# Plotting logistic maps

I have a question about plotting in Mathematica in general, and this particular recurrence relation as an example:

$\qquad x _{n+1} = rx_{n}(1-x_{n})$

How can I plot the following plots as shown below?

Here's where I am at so far, after searching the web for the code:

sol = RSolve[{x[n + 1] == 2.8*x[n]*(1 - x[n]), x[0] == 0.2}, x[n], n]
ListPlot[Table[{n, x[n] /. sol[[1]]}, {n, 1, 5}],
PlotStyle -> {Hue[1], PointSize[0.0125]}];


But this doesn't give me anything. Or should I use some alternative with NestList?

I have also tried the version below (another answer here on SE), but this simply doens't work (no output whatsoever, and this is a Web Diagram - not a simple logistic map that I am looking for):

logistic[α_, x0_] :=
Module[{f},
f[x_] := α x (1 - x);
seq = NestList[f, x0, 100];
p = Join @@ ({{#, #}, {##}} & @@@ Partition[seq, 2, 1]);
Plot[{f[x], x}, {x, 0, 1},
PlotRange -> {0, 1},
Epilog -> {Thick, Opacity[0.6], Line[p]},
ImageSize -> 500]];


The plots that I want to achieve:

• The reason the lostic function doesn't do anything is because it's a function and you have to call it. For example: logistic[3.5, 0.1] Commented Apr 29, 2016 at 12:30
• First off, in your code you have a semicolon after the Plot command, so you won't get a plot. Second, have a look at the output of RSolve - it does not give an analytic solution. If you look at the mathworld page it says there is an analytic solution only for r equal to -2, 2, or 4, though the only attribution is to a private communication from Michael Trott. Commented Apr 29, 2016 at 13:33
• So if you are working with other r values, then you need to generate the list numerically using RecurrenceTable Commented Apr 29, 2016 at 13:34
• @JasonB What is shown on the plots are not solutions, they are several iterates of the logistic function $f$, that is, graphs of $f, f^2, f^3,\ldots$ Commented Apr 29, 2016 at 13:45
• @Pavoo - for future reference you can usually download a Mathematica notebook from the relevant MathWorld page that will allow you to generate any of the plots there - although they were most all made in version 6 or before, so there is definite room to update the code. Commented Apr 29, 2016 at 14:09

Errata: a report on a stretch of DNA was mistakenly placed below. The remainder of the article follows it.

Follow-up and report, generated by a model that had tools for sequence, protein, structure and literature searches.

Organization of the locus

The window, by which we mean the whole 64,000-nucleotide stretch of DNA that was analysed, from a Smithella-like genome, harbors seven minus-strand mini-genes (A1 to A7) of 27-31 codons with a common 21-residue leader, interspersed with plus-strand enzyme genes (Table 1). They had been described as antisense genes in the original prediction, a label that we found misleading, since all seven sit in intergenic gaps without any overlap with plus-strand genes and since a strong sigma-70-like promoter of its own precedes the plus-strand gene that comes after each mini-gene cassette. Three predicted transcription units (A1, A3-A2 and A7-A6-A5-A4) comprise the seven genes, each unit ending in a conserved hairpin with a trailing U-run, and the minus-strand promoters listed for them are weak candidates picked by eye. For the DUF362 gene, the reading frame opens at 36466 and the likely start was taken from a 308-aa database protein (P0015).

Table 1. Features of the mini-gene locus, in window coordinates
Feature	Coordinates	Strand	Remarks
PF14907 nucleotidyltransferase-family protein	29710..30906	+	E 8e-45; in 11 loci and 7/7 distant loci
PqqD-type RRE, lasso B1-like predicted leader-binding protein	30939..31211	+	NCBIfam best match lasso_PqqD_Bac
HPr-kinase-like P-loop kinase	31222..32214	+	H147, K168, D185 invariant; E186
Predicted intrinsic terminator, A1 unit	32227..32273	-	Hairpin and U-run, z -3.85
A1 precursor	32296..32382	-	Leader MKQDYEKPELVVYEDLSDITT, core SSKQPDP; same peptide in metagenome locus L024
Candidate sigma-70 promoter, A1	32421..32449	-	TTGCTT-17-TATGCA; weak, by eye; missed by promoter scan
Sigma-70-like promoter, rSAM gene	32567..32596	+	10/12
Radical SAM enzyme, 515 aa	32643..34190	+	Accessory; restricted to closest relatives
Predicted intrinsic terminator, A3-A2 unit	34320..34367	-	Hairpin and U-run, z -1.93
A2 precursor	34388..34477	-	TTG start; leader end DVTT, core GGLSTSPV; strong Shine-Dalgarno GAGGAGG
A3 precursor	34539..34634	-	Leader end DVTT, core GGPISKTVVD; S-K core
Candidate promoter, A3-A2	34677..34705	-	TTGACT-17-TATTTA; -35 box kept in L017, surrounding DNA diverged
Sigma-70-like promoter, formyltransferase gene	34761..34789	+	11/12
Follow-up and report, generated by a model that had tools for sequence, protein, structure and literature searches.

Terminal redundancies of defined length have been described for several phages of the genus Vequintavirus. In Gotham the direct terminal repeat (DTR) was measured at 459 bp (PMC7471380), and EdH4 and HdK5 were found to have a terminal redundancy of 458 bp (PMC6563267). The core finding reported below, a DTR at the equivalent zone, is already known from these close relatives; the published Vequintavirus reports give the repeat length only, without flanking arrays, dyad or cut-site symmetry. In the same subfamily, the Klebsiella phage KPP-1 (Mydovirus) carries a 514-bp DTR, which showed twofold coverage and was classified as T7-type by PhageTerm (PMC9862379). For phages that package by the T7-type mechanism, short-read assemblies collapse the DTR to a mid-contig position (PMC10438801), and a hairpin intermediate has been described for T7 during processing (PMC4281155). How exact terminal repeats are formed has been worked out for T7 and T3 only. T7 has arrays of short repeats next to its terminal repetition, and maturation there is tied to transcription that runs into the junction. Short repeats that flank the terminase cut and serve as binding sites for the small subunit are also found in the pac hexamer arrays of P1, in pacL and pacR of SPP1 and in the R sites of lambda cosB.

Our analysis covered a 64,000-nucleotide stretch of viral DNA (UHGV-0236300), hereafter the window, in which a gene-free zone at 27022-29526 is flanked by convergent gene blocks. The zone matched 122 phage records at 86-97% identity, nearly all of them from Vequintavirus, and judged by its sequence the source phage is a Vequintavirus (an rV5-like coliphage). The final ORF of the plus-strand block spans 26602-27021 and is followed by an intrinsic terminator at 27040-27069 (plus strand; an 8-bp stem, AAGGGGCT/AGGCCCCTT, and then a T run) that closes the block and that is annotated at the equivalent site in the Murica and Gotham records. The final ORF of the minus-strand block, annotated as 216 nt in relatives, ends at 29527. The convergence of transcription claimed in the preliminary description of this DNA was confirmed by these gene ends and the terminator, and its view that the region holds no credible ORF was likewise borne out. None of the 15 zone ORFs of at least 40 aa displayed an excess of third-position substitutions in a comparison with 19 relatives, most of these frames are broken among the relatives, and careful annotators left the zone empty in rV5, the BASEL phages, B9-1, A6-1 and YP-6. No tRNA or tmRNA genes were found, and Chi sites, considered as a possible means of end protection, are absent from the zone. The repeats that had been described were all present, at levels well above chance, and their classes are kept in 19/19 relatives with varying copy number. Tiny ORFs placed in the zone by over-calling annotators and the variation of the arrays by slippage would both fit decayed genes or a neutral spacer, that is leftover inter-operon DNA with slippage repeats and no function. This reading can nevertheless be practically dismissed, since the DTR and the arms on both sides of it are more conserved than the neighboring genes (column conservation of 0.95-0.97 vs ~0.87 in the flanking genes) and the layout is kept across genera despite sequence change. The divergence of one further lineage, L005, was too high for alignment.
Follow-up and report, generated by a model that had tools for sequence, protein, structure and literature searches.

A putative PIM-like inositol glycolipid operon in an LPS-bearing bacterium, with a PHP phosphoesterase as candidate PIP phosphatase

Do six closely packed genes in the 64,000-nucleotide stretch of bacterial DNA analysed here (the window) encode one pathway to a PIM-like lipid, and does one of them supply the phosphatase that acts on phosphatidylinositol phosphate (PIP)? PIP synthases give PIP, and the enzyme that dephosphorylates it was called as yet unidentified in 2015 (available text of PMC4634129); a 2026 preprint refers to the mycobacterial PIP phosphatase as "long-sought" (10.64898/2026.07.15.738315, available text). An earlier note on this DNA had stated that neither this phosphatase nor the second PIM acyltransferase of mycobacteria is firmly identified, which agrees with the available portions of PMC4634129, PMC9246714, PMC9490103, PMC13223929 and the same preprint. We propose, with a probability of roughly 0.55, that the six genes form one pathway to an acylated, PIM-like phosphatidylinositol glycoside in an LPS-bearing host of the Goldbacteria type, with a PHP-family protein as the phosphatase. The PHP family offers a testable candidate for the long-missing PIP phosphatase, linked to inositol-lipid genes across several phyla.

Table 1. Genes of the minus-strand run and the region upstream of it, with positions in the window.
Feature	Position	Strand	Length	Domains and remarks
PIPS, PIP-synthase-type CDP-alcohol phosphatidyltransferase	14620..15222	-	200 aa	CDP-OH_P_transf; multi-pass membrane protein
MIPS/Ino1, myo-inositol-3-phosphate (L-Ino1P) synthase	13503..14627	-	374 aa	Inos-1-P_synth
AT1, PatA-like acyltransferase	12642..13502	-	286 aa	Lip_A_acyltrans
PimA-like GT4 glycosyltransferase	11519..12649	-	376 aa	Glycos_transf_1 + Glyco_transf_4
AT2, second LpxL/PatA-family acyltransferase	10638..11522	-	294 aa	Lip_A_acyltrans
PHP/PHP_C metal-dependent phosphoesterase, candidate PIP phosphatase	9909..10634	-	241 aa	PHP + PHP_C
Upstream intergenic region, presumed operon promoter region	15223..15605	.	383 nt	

sol = RSolve[{x[n + 1] == 2.8*x[n]*(1 - x[n]), x[0] == 0.2}, x[n], n] ListPlot[Table[{n, x[n] /. sol[[1]]}, {n, 1, 5}], PlotStyle -> {Hue[1], PointSize[0.0125]}];


you have a semicolon after the ListPlot command, so you won't get a plot. Second, have a look at the output of RSolve - it does not give an analytic formula.

sol =
RSolve[{x[n + 1] == 2.8*x[n]*(1 - x[n]), x[0] == 0.2}, x[n], n]
(* RSolve[{x[1 + n] == 2.8 (1 - x[n]) x[n], x[0] == 0.2}, x[n],
n] *)


If you look at the MathWorld page it says there is an analytic solution only for r equal to -2, 2, or 4, though the only attribution is to a private communication from Michael Trott (is there no other attribution available? Trott doesn't have an account on here....)

sol = RSolve[{x[n + 1] == #*x[n]*(1 - x[n]), x[0] == x0}, x[n],
n] & /@ {-2, 2, 4}

{{{x[n] -> 1/2 (1 + 2 Cos[2^n ArcCos[1/2 (-1 + 2 x0)]])}}, {{x[n] ->
1/2 (1 - (1 - 2 x0)^2^n)}}, {{x[n] ->
1/2 (1 - Cos[2^n ArcCos[1 - 2 x0]])}}}


But you can just generate what you want with RecurrenceTable,

sol =
RecurrenceTable[{x[n + 1] == 2.8*x[n]*(1 - x[n]), x[0] == 0.2},
x, {n, 1, 5}]
(* {0.448, 0.692429, 0.596319, 0.674023, 0.615205} *)


And you can feed that list to listplot. The second bit of code you have works fine, as shown by dionys in his answer.

For the plots you have at the end of your question, again use RecurrenceTable. You don't even need to supply numeric values for RecurrenceTable. The plots you look for can be easily found with

funcs = RecurrenceTable[{x[n + 1] == r x[n] (1 - x[n]), x[0] == x0},
x, {n, 1, 5}];
Plot[funcs /. r -> 3, {x0, 0, 1}, Evaluated -> True, PlotRange -> All]


You can also vary the value of r to see the effect with Manipulate

Manipulate[
Plot[funcs /. r -> rr, {x0, 0, 1}, Evaluated -> True,
PlotRange -> All, ImageSize -> 500, PlotLabel -> Row[{"r = ", rr}],
LabelStyle -> 18]
, {rr, -2, 4, .01}]


The code you posted works, but it generates a cobweb plot:

logistic[2.8, 0.1]


For the visualization you want, take a closer look at the definitions of f and seq in the code you posted. The plots you want to generate shows x[n] vs. start value, x0, for iterations 1 through 5, at 4 different growth rates, r.

recurrenceList[r_, x0_, n_:50] := NestList[(r # (1 - #)) &, x0, n - 1]

Module[{fns, colors},
colors = {Red, Yellow, Green, Blue, Lighter[Purple, 0.6]};
GraphicsGrid@Partition[Table[
fns = Table[recurrenceList[r, x][[n + 1]], {n, 1, 5}];
Plot[fns, {x, 0, 1}, PlotStyle -> colors], {r, 1, 4}], 2]]